2. Differential roles of AVP and VIP signaling in the postnatal changes of neural networks for coherent circadian rhythms in the SCN

    PubMed Central

    Ono, Daisuke; Honma, Sato; Honma, Ken-ichi

    2016-01-01

    The suprachiasmatic nucleus (SCN) is the site of the master circadian clock in mammals. The SCN neural network plays a critical role in expressing the tissue-level circadian rhythm. Previously, we demonstrated postnatal changes in the SCN network in mice, in which the clock gene products CRYPTOCHROMES (CRYs) are involved. Here, we show that vasoactive intestinal polypeptide (VIP) signaling is essential for the tissue-level circadian PER2::LUC rhythm in the neonatal SCN of CRY double-deficient mice (Cry1,2−/−). VIP and arginine vasopressin (AVP) signaling showed redundancy in expressing the tissue-level circadian rhythm in the SCN. AVP synthesis was significantly attenuated in the Cry1,2−/− SCN, which contributes to aperiodicity in the adult mice together with an attenuation of VIP signaling as a natural process of ontogeny. The SCN network consists of multiple clusters of cellular circadian rhythms that are differentially integrated by AVP and VIP signaling, depending on the postnatal period. PMID:27626074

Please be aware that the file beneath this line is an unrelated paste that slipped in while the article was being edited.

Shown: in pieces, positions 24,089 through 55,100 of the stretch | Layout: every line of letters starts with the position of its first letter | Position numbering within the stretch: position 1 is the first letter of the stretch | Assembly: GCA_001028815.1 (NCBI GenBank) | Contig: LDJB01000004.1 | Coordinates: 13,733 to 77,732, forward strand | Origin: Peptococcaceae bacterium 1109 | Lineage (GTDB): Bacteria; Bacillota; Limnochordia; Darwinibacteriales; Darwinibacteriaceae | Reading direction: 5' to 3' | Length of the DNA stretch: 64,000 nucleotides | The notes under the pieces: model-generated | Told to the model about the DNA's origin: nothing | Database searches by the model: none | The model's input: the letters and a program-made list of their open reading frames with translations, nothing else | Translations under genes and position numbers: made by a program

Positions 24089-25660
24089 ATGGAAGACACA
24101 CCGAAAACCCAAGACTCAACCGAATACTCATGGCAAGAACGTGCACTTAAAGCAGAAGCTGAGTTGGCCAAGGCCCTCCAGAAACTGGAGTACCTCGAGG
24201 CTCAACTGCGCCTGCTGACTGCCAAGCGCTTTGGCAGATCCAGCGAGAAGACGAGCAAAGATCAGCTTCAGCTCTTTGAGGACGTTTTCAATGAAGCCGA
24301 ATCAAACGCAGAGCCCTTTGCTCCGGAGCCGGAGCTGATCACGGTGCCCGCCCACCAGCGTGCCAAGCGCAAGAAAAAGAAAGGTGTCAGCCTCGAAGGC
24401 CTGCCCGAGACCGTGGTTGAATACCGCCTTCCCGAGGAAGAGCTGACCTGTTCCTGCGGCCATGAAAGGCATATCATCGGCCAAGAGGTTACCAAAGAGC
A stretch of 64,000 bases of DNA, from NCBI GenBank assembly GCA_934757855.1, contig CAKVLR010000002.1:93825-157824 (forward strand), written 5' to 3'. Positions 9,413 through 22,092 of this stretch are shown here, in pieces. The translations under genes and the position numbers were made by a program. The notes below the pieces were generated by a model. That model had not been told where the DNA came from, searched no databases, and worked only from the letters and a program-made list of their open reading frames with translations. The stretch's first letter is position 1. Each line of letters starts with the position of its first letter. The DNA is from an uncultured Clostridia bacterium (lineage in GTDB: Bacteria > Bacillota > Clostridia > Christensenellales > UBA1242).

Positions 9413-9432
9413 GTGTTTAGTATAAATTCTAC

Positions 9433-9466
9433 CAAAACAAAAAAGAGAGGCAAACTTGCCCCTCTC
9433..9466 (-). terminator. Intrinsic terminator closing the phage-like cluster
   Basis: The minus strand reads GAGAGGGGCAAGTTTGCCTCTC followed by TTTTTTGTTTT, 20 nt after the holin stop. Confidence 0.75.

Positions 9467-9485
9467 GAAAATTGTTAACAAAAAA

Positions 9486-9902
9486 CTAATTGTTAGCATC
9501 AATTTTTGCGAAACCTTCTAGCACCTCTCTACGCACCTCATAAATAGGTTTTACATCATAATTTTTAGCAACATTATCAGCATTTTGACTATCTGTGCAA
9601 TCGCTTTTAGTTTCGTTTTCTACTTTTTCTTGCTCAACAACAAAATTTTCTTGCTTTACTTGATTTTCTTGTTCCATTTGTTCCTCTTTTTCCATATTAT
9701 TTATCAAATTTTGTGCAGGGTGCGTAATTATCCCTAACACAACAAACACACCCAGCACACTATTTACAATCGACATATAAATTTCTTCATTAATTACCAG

3. Differential roles of AVP and VIP signaling in the postnatal changes of neural networks for coherent circadian rhythms in the SCN.

    PubMed

    Ono, Daisuke; Honma, Sato; Honma, Ken-Ichi

    2016-09-01